Cell-free protein synthesis (CFPS) has been developed as a powerful technology and strategies to perform protein production simply and efficiently. Compared to in vivo protein production system, CFPS has several key advantages, such as rapid preparation, reduced processing timeframes, open reaction environment, the ability to use special substrates, and the ability to direct all the resources toward the production of a single product.
Prior to their evolution as a production platform, cell-free systems were originally developed as a biochemical tool to study various phenomena such as the role of translation initiation factors. The most prominent example in the history of cell-free systems came in 1961 when Marshall Nirenberg used cell-free systems to assist in his discovery of the genetic code. Over the past several decades, cell-free systems have transformed into production platforms with applications in metabolic engineering and protein synthesis. Major milestones on the protein synthesis side include the expression of human granulocyte macrophage colony stimulating factor (hGM-CSF) at the 100 L scale with titers of 700 mg/L as well as high-throughput expression of the entire human proteome.
The most well developed and commonly used CFPS platform is derived from the E. coli extract. In particular, the Swartz lab at Stanford University has led the charge for developing E. coli-based CFPS by concentrating on strategies to improve yields and reduce costs. Swartz attributes the realization that central metabolism is active in the extract as the key breakthrough toward the platform’s development. This allowed for a holistic view of the platform that led to an enhanced understanding and significant improvements. Several of the many applications that can be tied to the E. coli CFPS and the Swartz lab include: the production of pharmaceutically relevant proteins such as cytokines, antibody fragments, personalized medicines and vaccine candidates, virus-like particles, and difficult to synthesize products such as [FeFe] Hydrogenases, and membrane bound proteins.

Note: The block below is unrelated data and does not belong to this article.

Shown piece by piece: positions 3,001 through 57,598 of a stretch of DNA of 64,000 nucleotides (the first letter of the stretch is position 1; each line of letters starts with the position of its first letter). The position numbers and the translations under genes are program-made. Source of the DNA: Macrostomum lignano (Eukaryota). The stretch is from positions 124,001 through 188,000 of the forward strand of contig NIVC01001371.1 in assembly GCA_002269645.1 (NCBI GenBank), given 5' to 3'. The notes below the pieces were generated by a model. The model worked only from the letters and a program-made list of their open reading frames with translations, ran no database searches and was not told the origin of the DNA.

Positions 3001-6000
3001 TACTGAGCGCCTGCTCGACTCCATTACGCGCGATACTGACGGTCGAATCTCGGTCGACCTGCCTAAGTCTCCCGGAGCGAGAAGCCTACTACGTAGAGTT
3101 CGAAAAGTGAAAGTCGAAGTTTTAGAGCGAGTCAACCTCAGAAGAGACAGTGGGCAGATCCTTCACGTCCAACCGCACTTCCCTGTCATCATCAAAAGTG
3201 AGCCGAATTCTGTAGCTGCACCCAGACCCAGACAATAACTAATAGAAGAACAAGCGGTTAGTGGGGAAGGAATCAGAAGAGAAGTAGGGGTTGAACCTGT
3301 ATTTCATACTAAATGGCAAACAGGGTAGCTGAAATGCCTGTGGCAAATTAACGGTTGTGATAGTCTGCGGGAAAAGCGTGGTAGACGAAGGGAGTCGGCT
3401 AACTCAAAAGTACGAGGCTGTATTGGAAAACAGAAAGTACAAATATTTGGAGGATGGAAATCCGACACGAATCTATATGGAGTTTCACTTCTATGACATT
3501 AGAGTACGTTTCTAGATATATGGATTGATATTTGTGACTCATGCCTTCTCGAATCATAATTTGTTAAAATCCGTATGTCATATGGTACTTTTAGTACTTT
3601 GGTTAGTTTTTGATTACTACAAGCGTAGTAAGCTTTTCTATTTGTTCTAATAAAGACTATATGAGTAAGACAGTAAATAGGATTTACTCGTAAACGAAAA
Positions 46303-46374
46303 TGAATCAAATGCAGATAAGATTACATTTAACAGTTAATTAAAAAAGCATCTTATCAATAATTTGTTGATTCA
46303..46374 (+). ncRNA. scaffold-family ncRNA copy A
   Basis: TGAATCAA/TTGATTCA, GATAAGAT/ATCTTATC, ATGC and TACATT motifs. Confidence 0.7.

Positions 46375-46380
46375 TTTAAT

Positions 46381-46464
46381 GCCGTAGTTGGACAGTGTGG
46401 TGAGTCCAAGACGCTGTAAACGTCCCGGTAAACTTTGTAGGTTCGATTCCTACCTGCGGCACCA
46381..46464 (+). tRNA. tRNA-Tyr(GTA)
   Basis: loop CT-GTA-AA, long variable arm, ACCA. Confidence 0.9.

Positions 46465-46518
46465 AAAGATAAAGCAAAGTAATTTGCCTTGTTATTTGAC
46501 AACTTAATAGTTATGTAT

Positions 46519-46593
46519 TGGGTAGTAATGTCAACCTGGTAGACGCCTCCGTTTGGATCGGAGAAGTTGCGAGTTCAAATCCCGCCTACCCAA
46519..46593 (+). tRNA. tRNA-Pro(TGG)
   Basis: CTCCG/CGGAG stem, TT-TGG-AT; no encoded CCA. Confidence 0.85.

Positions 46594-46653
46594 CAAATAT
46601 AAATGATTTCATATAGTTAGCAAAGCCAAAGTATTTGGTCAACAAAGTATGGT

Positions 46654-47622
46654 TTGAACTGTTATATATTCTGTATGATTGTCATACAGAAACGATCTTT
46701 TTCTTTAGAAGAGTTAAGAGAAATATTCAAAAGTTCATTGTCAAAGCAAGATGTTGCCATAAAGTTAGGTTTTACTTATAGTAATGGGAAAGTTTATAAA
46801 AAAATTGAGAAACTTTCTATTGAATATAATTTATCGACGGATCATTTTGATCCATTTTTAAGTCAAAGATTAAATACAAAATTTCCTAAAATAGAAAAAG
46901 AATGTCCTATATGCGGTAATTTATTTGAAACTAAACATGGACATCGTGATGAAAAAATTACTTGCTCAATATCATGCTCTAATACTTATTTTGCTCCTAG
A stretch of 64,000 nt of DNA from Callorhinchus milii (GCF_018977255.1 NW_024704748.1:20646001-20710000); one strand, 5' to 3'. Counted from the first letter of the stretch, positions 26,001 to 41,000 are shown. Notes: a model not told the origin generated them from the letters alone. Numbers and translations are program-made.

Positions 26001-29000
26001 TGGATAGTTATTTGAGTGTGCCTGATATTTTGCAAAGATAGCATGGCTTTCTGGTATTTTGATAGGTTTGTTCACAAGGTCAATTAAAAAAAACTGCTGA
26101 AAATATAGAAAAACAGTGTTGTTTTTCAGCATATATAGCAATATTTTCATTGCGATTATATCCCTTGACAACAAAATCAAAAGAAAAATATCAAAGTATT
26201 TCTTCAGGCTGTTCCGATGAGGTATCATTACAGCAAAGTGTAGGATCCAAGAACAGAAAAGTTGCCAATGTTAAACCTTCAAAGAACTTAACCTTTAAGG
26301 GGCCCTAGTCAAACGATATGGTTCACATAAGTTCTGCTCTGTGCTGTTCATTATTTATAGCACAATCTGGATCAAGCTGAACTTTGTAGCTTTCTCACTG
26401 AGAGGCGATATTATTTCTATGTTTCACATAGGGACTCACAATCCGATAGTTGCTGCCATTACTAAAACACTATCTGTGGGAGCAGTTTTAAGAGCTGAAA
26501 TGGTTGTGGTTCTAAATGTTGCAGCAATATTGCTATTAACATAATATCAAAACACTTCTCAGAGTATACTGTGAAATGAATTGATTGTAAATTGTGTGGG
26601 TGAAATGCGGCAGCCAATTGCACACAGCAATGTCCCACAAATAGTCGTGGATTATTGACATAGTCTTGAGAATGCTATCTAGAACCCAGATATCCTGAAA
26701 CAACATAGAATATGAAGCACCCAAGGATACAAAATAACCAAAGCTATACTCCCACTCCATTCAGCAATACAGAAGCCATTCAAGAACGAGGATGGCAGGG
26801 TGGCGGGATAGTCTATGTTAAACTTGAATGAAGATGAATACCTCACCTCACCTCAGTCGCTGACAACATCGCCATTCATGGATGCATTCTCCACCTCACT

CFPS is not, however, restricted to prokaryotic-based extracts. Many eukaryotic CFPS platforms have emerged over the years including extracts based on CHO cells, HeLa cells, hybridoma cells, insect cells, protozoan Leishmania tarentola cells, and yeast cells. However, the most commonly used eukaryotic CFPS platforms to date are rabbit reticulocyte lysate and wheat germ extract. Each of these emerging eukaryotic cell-free systems have specific advantages, but these platforms are ultimately limited by their narrow appeal because they are derived from uncommon parent organism, require technically difficult extract preparation procedures that limit widespread adoption in the laboratory, or were developed strictly as a biochemical tool to investigate translation.